For instance, I am currently trying to understand what is held in variable $Nrow in the code below since it will not print anything but I have to rebuild the array with a foreach loop using $Nrow as source.

$db = conn(); // function above to connect with database

$Qpln = "SELECT * FROM sppindex WHERE ID='" . $code ."'"; 	 // my query
$Nrow = $db->query($Qpln);  // What is in $Nrow  here ???

print_r ($Nrow) ;  // nothing is printed out (print $nrow gives an error as expected)

So I am now working how to get data in an array as in old mysql $Nrow = mysql_fetch_array ($Result), without having to run a loop for every query data…

Many thanks

A bit of success!

Old mysql:


mysql_conn();
$Qpln = "SELECT * FROM sppindex WHERE ID='" . $code ."'"; 	
$Rpln = mysql_query($Qpln)  or die ('Error in query: ' . $Qpln .  mysql_error());
$Nrow = mysql_fetch_array ($Rpln);

$faml = $Nrow['faml'];

$Qpln = "SELECT * FROM faml_index WHERE faml='" . $faml ."'"; 	
$Rpln = mysql_query($Qpln)  or die ('Error in query: ' . $Qpln .  mysql_error());
$Frow = mysql_fetch_array ($Rpln);

Converted to PDO:

$db = conn();

$stm = $db->prepare("SELECT * FROM sppindex WHERE ID=?");
$stm->execute(array($code));
$Nrow = $stm->fetch(PDO::FETCH_BOTH);

$faml = $Nrow['faml'];

$stm = $db->prepare("SELECT * FROM faml_index WHERE faml=?");
$stm->execute(array($faml));
$Frow  = $stm->fetch(PDO::FETCH_BOTH);

print_r ($Frow);

I am missing the error handling to cover the old:

or die ('Error in query: ' . $Qpln .  mysql_error());

To be honest I can’t recall what query returns either since I’ve been using Drupal, Magento, and Symfony which all have an abstraction around the database layer themselve. However, this is why the documentation exists.

http://php.net/manual/en/book.pdo.php

On that page all the methods of PDO are listed out. You can click on a method and see what the signature (parameters and return value) are.

http://php.net/manual/en/pdo.query.php

Based on the documentation PDO::query returns an instance (object) of PDOStatement or FALSE on failure. So you can use that knowledge to now look up what the interface (methods) for the PDOStatement class. Though that isn’t really necessary because the first example demonstrates how to use PDO::query to run a query and iterate (loop) over the result set. PDOStatement implements an interface called transversable which allows any instance of the class itself to be used in a loop via foreach.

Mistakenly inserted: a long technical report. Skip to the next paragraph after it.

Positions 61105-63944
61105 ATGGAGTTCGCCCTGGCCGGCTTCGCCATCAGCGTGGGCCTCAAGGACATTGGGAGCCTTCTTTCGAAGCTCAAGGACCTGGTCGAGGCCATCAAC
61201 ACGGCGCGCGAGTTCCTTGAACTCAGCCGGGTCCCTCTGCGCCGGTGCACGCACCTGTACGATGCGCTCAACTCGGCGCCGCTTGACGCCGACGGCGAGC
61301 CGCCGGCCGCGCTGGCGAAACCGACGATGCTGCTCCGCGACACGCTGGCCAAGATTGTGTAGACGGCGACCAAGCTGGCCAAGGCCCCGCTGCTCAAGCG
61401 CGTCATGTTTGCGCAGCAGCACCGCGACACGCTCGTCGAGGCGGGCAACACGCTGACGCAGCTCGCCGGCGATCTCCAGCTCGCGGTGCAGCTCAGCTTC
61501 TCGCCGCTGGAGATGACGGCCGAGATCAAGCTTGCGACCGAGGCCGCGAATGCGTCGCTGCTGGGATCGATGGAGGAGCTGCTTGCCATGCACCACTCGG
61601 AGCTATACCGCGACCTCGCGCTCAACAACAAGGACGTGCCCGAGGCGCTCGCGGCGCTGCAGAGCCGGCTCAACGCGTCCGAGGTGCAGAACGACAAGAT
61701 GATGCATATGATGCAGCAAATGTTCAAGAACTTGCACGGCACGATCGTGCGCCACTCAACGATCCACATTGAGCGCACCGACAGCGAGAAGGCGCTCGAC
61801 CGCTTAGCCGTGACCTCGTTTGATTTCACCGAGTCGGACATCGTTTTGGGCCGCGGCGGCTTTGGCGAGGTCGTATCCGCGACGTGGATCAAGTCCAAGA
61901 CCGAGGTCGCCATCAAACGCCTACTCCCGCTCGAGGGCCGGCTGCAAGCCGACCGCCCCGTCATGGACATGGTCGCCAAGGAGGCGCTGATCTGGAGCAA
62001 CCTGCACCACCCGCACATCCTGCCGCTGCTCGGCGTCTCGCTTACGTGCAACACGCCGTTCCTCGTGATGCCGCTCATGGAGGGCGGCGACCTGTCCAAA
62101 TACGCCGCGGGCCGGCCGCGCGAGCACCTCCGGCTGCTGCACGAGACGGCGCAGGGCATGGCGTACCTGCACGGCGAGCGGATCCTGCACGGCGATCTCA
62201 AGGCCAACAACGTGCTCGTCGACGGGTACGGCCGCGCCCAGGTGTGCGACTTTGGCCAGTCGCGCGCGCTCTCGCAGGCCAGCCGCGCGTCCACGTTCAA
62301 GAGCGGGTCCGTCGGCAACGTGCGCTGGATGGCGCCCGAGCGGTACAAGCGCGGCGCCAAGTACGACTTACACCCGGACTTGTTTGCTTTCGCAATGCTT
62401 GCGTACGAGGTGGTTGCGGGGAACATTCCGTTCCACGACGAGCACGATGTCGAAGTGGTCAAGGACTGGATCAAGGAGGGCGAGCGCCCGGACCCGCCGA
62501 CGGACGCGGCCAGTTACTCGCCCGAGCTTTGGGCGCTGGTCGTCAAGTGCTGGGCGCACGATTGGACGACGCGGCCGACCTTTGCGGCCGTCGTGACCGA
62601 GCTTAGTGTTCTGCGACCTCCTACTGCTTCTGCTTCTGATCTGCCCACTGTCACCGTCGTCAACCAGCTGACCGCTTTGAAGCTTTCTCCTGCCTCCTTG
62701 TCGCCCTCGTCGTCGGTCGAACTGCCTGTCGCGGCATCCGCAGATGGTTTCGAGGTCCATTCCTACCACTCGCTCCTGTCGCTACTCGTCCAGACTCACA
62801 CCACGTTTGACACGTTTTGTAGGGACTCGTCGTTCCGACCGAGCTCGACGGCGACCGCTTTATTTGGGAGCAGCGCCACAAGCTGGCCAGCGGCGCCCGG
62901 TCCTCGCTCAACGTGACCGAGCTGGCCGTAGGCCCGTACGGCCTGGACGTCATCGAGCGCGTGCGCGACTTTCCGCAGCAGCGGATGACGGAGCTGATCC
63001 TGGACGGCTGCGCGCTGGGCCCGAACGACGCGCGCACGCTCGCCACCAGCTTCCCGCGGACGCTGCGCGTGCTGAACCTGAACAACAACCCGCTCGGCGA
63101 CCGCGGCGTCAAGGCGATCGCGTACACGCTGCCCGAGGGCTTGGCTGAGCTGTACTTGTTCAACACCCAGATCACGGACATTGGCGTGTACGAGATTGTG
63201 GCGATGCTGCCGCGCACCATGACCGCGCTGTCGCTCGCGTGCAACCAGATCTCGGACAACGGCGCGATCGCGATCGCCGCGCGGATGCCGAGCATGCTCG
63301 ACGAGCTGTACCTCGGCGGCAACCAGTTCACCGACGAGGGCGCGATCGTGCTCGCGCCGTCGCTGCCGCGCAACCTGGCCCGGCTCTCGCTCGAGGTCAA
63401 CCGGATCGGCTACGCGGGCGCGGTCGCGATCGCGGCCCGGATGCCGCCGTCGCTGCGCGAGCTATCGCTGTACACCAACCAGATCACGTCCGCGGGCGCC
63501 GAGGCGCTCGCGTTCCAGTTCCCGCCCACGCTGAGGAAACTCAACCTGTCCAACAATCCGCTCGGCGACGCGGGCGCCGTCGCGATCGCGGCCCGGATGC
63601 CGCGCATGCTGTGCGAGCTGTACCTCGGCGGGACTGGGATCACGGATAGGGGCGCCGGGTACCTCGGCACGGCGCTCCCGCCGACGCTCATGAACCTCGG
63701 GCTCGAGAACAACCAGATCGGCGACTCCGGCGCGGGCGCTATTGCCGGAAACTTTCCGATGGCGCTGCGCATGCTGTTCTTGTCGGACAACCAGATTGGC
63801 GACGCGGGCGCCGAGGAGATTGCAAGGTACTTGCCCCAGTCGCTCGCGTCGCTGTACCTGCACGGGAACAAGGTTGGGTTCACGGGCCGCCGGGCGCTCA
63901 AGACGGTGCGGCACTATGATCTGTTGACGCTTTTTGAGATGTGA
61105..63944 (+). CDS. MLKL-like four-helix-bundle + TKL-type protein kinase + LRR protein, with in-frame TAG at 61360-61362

<?php
function getFruit($conn) {
    $sql = 'SELECT name, color, calories FROM fruit ORDER BY name';
    foreach ($conn->query($sql) as $row) {
        print $row['name'] . "\	";
        print $row['color'] . "\	";
        print $row['calories'] . "\
";
    }
}
?>

When it comes to variable binding/prepared statements the primary method of focus is called prepare.

http://php.net/manual/en/pdo.prepare.php

The method signatures of PDO::query and PDO:: prepare are very similar. The primary difference between the two is that prepare allows or placeholders in the form of :variablename. These placeholders are used as a replacement for embedding variables directly in the query. Instead of embedding variables directly in the query the variables are send separately. This can be done in a variety of ways but the simplest is to call PDOStatement::execute and pass an associative array of placeholders whose keys pair up with the placeholders. That is exactly what is being done with the first example on the PDO:: prepare doc page.


/* Execute a prepared statement by passing an array of values */
$sql = 'SELECT name, colour, calories
    FROM fruit
    WHERE calories < :calories AND colour = :colour';
$sth = $dbh->prepare($sql, array(PDO::ATTR_CURSOR => PDO::CURSOR_FWDONLY));
$sth->execute(array(':calories' => 150, ':colour' => 'red'));
$red = $sth->fetchAll();
$sth->execute(array(':calories' => 175, ':colour' => 'yellow'));
$yellow = $sth->fetchAll();

Now shown here is once a statement is successfully executed it can be iterated over to retrieve the result rows in a variety of ways. fetchAll() shown in the above example. Though there are several methods that provide more control. merely look to the PDOStatement::fetch* methods to get an understanding of what is possible.


$db = conn();
 
$stm = $db->prepare("SELECT * FROM sppindex WHERE ID=?");
$stm->execute(array($code));
$Nrow = $stm->fetch(PDO::FETCH_BOTH);
 
$faml = $Nrow['faml'];
 
$stm = $db->prepare("SELECT * FROM faml_index WHERE faml=?");
$stm->execute(array($faml));
$Frow  = $stm->fetch(PDO::FETCH_BOTH);
 
print_r ($Frow);